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I sent another E-mail to this company two days ago, and I still haven't heard back from them regarding what happened to the fuel filter and the grayish residue on the inside. As soon as I get it back, I'll post it. They are not so quick this time around.
 

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K-100

I received a response today from K100 Fuel Additive regarding the greyish substance that was found inside the fuel filter. I will post it for all to read.

To: [email protected]
Sent: Thursday, February 01, 2007 1:19 PM
Subject: K100 Diesel Fuel Treatment

Hello:

I inquired about your diesel fuel treatment product a few weeks ago. Several people have tried the product out. The question I have is does the fuel treatment turn the fuel filters grey? The people who have tried the product have stated that their fuel filters have a grayish colored film on the fuel filter element. Is this normal? Does this grayish substance clog the filter? Your help will be greatly appreciated in this matter.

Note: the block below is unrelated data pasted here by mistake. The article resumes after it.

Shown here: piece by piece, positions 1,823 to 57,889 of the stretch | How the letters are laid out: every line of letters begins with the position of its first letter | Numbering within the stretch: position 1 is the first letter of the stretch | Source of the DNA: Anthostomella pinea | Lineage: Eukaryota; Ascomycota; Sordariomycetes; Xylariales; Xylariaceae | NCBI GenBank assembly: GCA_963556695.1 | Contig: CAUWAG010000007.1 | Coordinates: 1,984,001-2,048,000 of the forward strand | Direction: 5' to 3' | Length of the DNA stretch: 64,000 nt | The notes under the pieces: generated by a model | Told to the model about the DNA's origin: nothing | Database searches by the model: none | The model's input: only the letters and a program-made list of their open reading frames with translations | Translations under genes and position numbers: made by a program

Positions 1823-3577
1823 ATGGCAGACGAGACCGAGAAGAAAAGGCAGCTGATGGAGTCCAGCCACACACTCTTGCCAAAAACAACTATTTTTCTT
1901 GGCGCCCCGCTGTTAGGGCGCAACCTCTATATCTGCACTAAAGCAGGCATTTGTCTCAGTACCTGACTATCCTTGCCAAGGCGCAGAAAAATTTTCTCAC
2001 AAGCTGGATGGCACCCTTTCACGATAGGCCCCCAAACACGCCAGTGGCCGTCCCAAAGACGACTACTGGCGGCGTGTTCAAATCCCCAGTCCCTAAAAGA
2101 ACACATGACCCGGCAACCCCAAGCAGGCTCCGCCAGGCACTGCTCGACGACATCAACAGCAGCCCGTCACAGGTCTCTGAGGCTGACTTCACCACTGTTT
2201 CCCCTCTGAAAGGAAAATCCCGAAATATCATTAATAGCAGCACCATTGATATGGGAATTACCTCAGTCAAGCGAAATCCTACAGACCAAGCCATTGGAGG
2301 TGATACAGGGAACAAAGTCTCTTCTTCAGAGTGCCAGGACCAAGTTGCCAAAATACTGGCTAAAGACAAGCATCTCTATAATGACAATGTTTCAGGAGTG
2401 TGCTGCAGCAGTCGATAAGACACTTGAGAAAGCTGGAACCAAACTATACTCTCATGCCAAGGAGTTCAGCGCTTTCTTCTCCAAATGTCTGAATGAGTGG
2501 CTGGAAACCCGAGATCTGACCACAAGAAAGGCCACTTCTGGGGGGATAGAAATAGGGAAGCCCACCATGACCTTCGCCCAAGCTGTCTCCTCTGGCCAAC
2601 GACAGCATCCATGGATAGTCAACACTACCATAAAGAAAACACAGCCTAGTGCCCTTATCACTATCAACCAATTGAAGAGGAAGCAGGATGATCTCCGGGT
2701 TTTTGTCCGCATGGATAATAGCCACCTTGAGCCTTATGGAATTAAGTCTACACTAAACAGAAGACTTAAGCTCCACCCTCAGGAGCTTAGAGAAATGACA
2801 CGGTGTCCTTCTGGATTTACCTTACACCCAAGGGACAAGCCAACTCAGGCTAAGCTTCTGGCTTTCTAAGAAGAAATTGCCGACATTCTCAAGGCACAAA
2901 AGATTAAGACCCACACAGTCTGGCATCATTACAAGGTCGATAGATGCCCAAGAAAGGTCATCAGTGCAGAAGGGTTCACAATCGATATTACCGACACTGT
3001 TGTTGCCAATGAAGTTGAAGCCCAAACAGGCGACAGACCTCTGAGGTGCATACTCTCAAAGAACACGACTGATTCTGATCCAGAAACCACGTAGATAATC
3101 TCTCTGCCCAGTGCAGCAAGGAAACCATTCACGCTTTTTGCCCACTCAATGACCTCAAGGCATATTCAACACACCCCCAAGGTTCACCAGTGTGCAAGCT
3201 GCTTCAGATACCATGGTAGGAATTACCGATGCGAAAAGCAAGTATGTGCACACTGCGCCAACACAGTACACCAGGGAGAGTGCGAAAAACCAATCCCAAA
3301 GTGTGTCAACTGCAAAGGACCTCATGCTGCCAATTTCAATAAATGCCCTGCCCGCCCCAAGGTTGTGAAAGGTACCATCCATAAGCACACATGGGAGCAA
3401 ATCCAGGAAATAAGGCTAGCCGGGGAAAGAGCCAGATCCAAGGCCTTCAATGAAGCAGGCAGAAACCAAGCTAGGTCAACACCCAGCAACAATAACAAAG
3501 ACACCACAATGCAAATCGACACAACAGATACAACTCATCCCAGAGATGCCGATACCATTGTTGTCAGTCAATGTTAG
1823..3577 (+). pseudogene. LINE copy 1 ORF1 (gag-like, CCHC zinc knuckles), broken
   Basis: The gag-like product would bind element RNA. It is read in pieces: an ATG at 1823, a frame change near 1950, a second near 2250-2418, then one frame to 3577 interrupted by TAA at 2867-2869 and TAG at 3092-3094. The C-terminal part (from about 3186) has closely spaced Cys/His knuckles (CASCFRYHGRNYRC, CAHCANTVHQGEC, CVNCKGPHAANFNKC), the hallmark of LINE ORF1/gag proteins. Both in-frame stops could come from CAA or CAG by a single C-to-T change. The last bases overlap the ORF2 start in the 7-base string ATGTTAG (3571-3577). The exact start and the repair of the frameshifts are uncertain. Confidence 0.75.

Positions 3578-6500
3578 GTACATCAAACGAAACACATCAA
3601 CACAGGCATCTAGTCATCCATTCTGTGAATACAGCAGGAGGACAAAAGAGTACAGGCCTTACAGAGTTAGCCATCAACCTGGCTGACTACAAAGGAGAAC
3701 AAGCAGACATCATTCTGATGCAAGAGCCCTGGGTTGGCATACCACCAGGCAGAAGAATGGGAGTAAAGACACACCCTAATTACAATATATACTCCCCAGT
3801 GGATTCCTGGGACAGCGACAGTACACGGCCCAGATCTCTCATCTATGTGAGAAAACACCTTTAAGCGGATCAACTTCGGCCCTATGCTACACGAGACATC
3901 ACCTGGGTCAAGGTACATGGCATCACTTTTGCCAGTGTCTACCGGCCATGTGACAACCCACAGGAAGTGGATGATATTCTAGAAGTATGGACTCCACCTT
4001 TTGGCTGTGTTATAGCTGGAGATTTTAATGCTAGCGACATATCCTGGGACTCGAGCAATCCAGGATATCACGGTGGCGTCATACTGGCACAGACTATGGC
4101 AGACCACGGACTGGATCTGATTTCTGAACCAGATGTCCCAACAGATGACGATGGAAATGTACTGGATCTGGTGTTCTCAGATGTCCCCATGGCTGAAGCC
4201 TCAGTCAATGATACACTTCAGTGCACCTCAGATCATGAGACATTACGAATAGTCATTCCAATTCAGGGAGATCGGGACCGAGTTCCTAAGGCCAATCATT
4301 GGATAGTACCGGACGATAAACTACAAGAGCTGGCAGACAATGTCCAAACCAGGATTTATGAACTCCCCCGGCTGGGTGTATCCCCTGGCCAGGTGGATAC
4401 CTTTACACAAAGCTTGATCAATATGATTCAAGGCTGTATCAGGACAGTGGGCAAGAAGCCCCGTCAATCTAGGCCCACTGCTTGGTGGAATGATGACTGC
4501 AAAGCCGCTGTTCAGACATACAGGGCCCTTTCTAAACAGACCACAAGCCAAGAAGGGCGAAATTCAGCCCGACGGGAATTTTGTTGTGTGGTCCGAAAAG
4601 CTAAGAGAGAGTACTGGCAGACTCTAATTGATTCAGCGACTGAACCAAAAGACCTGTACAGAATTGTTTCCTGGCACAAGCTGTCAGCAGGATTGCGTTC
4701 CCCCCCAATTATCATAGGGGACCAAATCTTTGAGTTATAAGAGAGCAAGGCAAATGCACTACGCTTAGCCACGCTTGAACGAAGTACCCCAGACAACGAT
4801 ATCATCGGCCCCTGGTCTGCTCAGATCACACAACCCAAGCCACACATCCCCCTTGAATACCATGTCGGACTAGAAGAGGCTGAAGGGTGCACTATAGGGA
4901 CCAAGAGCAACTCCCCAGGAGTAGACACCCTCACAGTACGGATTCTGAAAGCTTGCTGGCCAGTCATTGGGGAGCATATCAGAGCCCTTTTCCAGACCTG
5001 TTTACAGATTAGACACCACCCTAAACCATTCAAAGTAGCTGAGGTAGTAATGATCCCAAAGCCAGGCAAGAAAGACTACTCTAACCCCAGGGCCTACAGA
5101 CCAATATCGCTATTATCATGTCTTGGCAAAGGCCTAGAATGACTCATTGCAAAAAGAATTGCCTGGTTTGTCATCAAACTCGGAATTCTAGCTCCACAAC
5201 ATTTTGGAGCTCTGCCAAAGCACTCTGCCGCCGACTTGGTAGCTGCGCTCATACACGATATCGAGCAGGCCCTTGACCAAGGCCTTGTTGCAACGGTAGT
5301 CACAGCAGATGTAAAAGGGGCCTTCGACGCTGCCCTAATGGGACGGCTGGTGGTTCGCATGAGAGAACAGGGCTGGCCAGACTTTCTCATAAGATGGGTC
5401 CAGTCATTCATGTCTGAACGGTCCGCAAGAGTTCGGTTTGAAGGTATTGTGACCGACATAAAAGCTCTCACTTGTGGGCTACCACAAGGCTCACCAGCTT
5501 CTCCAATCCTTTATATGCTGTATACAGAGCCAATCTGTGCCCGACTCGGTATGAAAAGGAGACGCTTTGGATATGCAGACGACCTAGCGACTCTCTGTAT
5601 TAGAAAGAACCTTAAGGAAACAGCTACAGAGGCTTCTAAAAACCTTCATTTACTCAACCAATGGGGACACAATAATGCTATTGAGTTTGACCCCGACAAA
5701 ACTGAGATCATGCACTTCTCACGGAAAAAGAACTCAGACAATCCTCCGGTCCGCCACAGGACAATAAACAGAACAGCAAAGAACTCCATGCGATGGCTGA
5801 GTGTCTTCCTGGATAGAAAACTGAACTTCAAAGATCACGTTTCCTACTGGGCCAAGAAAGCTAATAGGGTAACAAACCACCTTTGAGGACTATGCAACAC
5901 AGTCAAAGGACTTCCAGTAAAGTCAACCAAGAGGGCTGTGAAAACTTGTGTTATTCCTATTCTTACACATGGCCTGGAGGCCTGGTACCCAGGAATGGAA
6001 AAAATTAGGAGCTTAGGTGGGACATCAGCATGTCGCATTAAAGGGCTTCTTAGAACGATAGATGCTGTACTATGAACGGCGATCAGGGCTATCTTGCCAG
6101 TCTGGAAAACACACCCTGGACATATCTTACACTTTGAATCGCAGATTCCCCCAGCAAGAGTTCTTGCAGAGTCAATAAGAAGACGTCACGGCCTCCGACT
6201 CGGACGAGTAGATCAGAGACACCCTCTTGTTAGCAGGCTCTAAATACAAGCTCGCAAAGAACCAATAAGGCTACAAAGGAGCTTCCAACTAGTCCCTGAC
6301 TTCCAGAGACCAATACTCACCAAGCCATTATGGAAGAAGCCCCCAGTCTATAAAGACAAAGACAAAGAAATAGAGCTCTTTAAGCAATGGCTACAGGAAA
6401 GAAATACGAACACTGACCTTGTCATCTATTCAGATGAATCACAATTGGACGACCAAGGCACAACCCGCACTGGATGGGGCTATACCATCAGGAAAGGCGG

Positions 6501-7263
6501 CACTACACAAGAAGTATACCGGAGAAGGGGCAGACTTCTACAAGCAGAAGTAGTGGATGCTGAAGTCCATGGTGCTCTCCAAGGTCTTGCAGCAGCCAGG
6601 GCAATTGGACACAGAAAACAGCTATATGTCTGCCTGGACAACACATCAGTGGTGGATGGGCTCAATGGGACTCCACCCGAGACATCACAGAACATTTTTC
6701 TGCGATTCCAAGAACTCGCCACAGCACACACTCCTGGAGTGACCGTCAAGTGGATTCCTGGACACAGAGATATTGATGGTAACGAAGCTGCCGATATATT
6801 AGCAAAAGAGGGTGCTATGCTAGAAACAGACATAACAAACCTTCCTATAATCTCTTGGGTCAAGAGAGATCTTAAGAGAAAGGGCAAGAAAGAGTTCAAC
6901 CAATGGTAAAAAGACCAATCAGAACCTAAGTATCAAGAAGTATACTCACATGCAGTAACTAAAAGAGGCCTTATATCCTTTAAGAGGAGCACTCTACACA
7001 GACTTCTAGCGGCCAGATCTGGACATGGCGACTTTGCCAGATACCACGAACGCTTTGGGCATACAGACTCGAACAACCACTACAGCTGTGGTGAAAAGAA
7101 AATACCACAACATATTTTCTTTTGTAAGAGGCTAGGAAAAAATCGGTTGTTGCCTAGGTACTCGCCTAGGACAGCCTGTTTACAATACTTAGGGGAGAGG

Jeff,
I really have no idea how to respond, but let’s see if we can figure it out. K 100 will dissolve accumulated gums and varnishes in an older fuel tank. These gums often impart a browning or yellowish tint but only have a color, not a substance. We’ve never seen grey. Trapped in the gums are hard particles or skeltons from dead microbes. When the gums are dissolved these hard particles flow to the fuel filter. Microbes are blackish, but generally appear in the filters as a gooey mass. Rust would appear as browning metal flakes. These things will clog a filter. In fact we tell agricultural customers to anticipate changing filters after a few hours.

Are we just dealing with a grey color on the filter material or is there some substance to it- flakes, small particles (sand), gooey mass, or what?

You said you noticed a grey color to the fuel filter. Is this one of the clear bowl type filters or did you cut apart the canister type.

You said you had a number of people using K 100.

Did they all have the same kind of equipment?